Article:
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Tickers in this Article: MTB, PNC, FNFG, NYB, HBC, C, SBNY, WFC, USB, VLY, RY, OZRK, HCBK
The meltdown in the banking sector has had some interesting consequences. Nimble banks with fairly clean balance sheets like Bank of the Ozarks (Nasdaq:OZRK) have taken advantage of FDIC assistance to significantly expand their footprint by acquiring failed banks. Once-respected giants like Wells Fargo (NYSE:WFC) and U.S. Bank (NYSE:USB) have seen investors apply major haircuts to their future earnings power, and former winners like Washington Mutual and Wachovia were basically gutted.

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Curiously, M&T Bank (NYSE:MTB) has come through this mess relatively unscathed. While sound underwriting certainly helped limit the financial damage, a strong reputation with investors has buoyed the stock price as well. Consequently, it's one of the rare banks out there that does not look like a tremendous bargain at current prices.

A Messy Second Quarter
Due in large part to the impact of some gains on security sales and the integration of Wilmington Trust, M&T Bank reported a quarter with a lot of gains and charges that have to be backed out of the final number. At the bottom line, M&T's true earnings were not the $2.16 per share of reported earnings, but more like $1.68 per share - still good enough to beat estimates by about 10%.

The inclusion of Wilmington clearly interferes with some comparisons, but it looks like M&T had an unspectacular (but not bad) quarter. Operating revenue rose 16% sequentially, but net interest income growth was more on the order of 3%, as a lower net interest margin offset an increase in earning assets.

Loan growth is still not especially strong (2% annualized, excluding Wilmington), but commercial loan demand is picking up. Equally important, credit quality continues to improve as the company sees lower non-performing asset and non-accrual loan balances. It is also worth mentioning that operating expenses will likely be trending higher than usual for a while as management works to integrate Wilmington and bring its operations in line with the parent.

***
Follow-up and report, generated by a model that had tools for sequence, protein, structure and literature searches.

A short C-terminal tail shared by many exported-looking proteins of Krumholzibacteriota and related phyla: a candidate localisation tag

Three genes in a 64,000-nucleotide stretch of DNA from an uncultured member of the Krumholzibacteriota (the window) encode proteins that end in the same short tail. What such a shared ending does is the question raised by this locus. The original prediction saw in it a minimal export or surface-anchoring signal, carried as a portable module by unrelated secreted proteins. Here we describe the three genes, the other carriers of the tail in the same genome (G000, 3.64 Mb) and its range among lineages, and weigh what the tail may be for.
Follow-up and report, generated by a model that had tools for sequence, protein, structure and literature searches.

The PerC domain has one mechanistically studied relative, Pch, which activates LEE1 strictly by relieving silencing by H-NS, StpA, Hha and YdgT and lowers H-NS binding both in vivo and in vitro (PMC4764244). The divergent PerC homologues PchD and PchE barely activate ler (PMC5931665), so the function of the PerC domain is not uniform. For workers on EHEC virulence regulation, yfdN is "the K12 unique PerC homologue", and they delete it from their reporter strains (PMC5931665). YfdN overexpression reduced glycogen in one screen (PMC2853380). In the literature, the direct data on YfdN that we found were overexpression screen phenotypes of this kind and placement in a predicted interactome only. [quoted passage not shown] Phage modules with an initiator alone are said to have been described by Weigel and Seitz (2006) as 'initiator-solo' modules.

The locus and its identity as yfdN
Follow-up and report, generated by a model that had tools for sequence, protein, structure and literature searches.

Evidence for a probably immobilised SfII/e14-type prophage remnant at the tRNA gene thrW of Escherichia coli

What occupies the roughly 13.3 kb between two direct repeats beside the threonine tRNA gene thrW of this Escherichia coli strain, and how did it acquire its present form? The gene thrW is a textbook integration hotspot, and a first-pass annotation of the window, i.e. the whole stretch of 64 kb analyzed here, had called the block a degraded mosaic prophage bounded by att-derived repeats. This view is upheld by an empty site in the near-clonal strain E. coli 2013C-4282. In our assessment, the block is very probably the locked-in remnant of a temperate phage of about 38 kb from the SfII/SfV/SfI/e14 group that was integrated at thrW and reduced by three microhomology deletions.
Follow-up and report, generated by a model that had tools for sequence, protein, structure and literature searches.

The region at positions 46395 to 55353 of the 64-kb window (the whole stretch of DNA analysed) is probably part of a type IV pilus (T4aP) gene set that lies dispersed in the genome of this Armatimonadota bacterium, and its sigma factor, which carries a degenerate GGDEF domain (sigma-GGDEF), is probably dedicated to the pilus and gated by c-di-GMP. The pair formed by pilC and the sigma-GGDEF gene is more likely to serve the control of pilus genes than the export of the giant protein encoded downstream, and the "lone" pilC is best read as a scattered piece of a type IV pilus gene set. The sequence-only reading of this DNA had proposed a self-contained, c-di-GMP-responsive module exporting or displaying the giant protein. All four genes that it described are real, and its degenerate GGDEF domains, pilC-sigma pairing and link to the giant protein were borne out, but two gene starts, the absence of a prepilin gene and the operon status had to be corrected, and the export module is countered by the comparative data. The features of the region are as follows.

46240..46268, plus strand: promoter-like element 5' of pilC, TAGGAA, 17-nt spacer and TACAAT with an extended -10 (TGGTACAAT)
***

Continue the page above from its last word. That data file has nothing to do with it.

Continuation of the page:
Still Some Opportunity in Its Core Markets
At times, it seems as though banks are spending a lot of time and money trying to diversify away from banking (particularly by buying or building insurance, wealth management and payment services businesses). This is especially true for banking in the Northeast. After all, local rival PNC (NYSE:PNC) recently acquired RBC's (NYSE:RY) U.S. ops in the interests of adding to its Southeast exposure.

And yet, there are still millions of consumers and businesses in the Northeast and Mid-Atlantic, and they still need and want banking services. Moreover, they seem to like the services and customer service that M&T Bank provides, as this company has never had to pay much for deposits and has been able to fund a sizable loan book with a very attractively priced funding base.

Of course, plenty of banks are still active in M&T's regions. Smaller banks like Valley National (NYSE:VLY), First Niagra (Nasdaq:FNFG), New York Community (NYSE:NYB), Signature Bank (Nasdaq:SBNY) and Hudson City (Nasdaq:HCBK) all have their own plans to recover through prudent loan growth and deposit gathering, and they cannot all win - at least not absent major blunders from huge banks like HSBC (NYSE:HBC) or Citigroup (NYSE:C).

The Bottom Line
There are very few quibbles with the quality of M&T Bank. The issue for investors is the valuation. Even in those wacky days before the housing bubble popped, M&T's ROE largely hung out in the 12-14% range. Regaining that level may be more difficult now that regulators have stripped away some of the lucrative non-interest income items, but the stock seems priced as though it will surpass those old levels.

Said differently, on a return-to-equity basis, M&T Bank looks fairly valued, if not slightly expensive. Likewise, running a screen of price-to-tangible-book shows MTB as a premium-priced alternative relative to its group. Consequently, while M&T Bank is likely to remain a very good bank, it's not so appealing as a bank stock these days. (For additional reading, also check out 4 Tips For Buying Stocks In A Recession.)

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